The story starts off good and draws you in, I know I really wanted to know what happened to Adam and who was the mysterious Leon. However, as the story goes on, the police become involved and we start to see exactly what Grace and Adams relationship was like I got really frustrated. Grace's character is so naive, irritating and innocent for being a married woman although we find out as the tale goes on how young she is. Some of the way the characters converse with each other irritated me, the best friend Ginger is so inappropriate and annoying considering what Grace is going through.

I think the problem for me was a lot of the actions and narrative grated on me or I had to suspend belief because I couldn't imagine adults behaving like that or talking the way they did considering the circumstances. An example of this would be jocular chat between two characters calling each other dog breath and slug head. I am very much in the minority I think though as so many people seemed to have loved it so definitely give it a bash yourself, you may love it, 2/5 for me though.

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Tuesday, 21 June 2016

The Caller by M A Comley & Tara Lyons

The Caller (The Organised Crime Team series Book 1)The Caller by M.A. Comley
My rating: 4 of 5 stars

Time taken to read - < 1 day

Pages - 198

Publisher - Jeamel Publishing Limited

Blurb from Goodreads


When The Caller rings... what would you do?

The Organised Crime Team is a newly-formed unit with one of the toughest tasks in London. Led by DI Angie North, their first investigation is a cold case that has foxed several officers in the Met for months.
After Angie holds a TV appeal regarding the case, a number of similar aggressive attacks are brought to her attention. The team call on their contacts on the street for help. Their interest is sparked when several local names surface.
To bring the criminals to justice a member of the Organised Crime Team is asked to risk their life in a dangerous covert operation.


My Review

Meet DI Angie North, leading member of the Organised Crime Team, tasked with solving a cold case and bringing the new team together. More attacks come to light and the clock is ticking for Angie and her team to capture the culprits and save the unsuspecting public from another attack.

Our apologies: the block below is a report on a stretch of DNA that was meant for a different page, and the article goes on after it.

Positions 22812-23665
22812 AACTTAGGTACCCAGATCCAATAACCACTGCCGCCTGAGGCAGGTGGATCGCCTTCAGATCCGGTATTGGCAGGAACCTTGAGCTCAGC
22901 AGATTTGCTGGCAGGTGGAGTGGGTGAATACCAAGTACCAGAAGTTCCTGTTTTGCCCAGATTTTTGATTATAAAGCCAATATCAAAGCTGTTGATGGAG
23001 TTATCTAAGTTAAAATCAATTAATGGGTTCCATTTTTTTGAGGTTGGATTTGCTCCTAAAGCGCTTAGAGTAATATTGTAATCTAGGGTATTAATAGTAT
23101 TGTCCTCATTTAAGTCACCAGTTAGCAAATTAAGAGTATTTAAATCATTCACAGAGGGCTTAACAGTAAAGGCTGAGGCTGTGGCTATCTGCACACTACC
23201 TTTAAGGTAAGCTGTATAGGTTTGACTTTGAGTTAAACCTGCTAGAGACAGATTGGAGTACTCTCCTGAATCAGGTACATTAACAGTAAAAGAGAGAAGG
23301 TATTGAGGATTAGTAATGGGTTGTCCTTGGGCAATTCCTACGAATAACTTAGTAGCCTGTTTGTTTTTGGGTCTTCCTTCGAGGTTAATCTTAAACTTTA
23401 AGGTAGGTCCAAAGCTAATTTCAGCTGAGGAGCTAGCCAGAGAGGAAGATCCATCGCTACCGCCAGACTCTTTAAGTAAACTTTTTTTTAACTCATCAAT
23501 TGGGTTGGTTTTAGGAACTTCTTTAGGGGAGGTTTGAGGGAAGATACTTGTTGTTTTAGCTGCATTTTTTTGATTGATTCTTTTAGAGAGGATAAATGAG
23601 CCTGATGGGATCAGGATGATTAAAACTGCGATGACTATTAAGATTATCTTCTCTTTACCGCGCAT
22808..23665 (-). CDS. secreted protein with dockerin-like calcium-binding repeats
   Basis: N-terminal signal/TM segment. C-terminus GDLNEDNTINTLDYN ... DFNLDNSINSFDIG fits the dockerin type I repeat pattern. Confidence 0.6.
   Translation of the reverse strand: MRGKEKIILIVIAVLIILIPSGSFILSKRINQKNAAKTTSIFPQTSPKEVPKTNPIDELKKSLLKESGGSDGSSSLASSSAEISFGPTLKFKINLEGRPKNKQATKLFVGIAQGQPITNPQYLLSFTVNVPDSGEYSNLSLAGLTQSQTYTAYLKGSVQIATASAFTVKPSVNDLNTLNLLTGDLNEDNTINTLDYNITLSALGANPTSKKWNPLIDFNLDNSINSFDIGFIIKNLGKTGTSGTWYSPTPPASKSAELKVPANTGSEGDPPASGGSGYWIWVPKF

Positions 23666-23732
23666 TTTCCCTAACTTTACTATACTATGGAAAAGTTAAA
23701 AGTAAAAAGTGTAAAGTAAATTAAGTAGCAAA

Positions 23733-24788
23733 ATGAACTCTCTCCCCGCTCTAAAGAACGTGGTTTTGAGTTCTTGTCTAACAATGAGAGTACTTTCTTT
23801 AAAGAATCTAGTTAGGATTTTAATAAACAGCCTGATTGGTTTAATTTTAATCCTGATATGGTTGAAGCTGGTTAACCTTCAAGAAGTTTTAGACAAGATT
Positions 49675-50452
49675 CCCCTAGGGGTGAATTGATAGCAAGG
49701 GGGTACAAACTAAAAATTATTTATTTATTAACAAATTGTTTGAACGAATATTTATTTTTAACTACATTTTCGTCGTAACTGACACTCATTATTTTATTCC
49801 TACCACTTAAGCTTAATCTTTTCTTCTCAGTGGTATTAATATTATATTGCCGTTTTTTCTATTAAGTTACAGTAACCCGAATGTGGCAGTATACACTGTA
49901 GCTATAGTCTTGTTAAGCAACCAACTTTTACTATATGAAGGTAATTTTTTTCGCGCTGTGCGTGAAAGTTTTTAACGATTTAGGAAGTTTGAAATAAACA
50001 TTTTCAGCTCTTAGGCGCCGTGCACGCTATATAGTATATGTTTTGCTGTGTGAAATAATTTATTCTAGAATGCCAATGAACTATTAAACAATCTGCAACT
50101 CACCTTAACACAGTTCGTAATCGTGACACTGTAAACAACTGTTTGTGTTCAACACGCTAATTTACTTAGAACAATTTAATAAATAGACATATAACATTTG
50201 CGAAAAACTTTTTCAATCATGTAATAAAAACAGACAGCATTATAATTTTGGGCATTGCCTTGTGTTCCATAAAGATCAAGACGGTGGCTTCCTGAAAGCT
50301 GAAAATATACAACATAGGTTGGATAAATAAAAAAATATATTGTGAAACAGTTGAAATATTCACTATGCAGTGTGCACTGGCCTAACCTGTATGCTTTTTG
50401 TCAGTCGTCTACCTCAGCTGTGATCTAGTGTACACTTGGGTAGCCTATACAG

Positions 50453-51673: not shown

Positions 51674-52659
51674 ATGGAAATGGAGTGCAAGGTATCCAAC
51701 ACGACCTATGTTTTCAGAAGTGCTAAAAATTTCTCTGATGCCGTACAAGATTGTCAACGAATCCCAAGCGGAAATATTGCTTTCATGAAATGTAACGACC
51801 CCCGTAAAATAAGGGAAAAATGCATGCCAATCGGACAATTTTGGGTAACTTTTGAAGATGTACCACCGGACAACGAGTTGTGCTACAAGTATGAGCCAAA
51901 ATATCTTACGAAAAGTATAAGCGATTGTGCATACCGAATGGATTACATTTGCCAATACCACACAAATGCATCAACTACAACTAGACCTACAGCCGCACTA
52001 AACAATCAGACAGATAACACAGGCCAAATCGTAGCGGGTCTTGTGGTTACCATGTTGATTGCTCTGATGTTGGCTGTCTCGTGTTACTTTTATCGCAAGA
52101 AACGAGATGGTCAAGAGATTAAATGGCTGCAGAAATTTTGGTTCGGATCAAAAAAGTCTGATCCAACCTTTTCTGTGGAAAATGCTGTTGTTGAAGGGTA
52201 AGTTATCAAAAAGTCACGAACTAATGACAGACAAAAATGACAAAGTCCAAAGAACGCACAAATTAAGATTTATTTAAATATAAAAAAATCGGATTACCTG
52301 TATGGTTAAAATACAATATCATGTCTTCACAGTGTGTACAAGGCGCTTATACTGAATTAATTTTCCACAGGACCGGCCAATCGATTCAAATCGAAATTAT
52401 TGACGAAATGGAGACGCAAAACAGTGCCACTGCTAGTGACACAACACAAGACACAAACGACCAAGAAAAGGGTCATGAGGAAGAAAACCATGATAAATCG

This tale is two fold, one is the team relationship and how they come together, bond, react to each other and the second is the criminal aspect of the story. The hierarchy of the gang members, the dynamics of their group and how loyalties are tested. As well as examining police procedures, pulling an investigating team together and the inner workings of a gang and gang mentalities we see the difficulties police have to endure during this type of operation/investigation.

The prologue sets the reader straight on the theme of the book, brutal, graphic, sexual violence, murder and that is just the opening! The theme is fast paced and jumps between the bad guys and the police officers trying to catch them. The chapters are relatively short in length which is something I personally like in a book. There are some dark themes that some readers may struggle with, violence, murder, sexual abuse, torture, drugs and of course some bad language all of which you would expect when gangs are involved.

This is my first time reading these authors, although I have some of their independent work on my tbr, and I really enjoyed it. A tale that is both dark and deep, if you like thrillers or crime then this is a book for you, 4/5 for me. Thanks so much to the authors for providing me an ARC in exchange for an honest review.

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Saturday, 18 June 2016

Murder At The Laurels by Lesley Cookman

Murder at the LaurelsMurder at the Laurels by Lesley Cookman
My rating: 3 of 5 stars

Time taken to read - 4 days on and off

Pages - 368

Publisher - Accent Press Ltd

Blurb from the back cover

Steeple Martin amateur detective Libby Sarjeant's friend, and sleuthing partner, psychic investigator Fran Castle, suspects that there is something suspicious about the death of her aunt in a nursing home. When Fran's long-lost relatives turn up and seem either unconcerned or obstructive, Libby and Fran are sure something is wrong, particularly as the will is missing.

As usual Libby needs little persuasion to start investigating, even if she doesn't see herself as Miss Marple. They discover surprising links to Fran's own past but, as murders multiply and the police take over, can the amateur sleuths keep on the trail?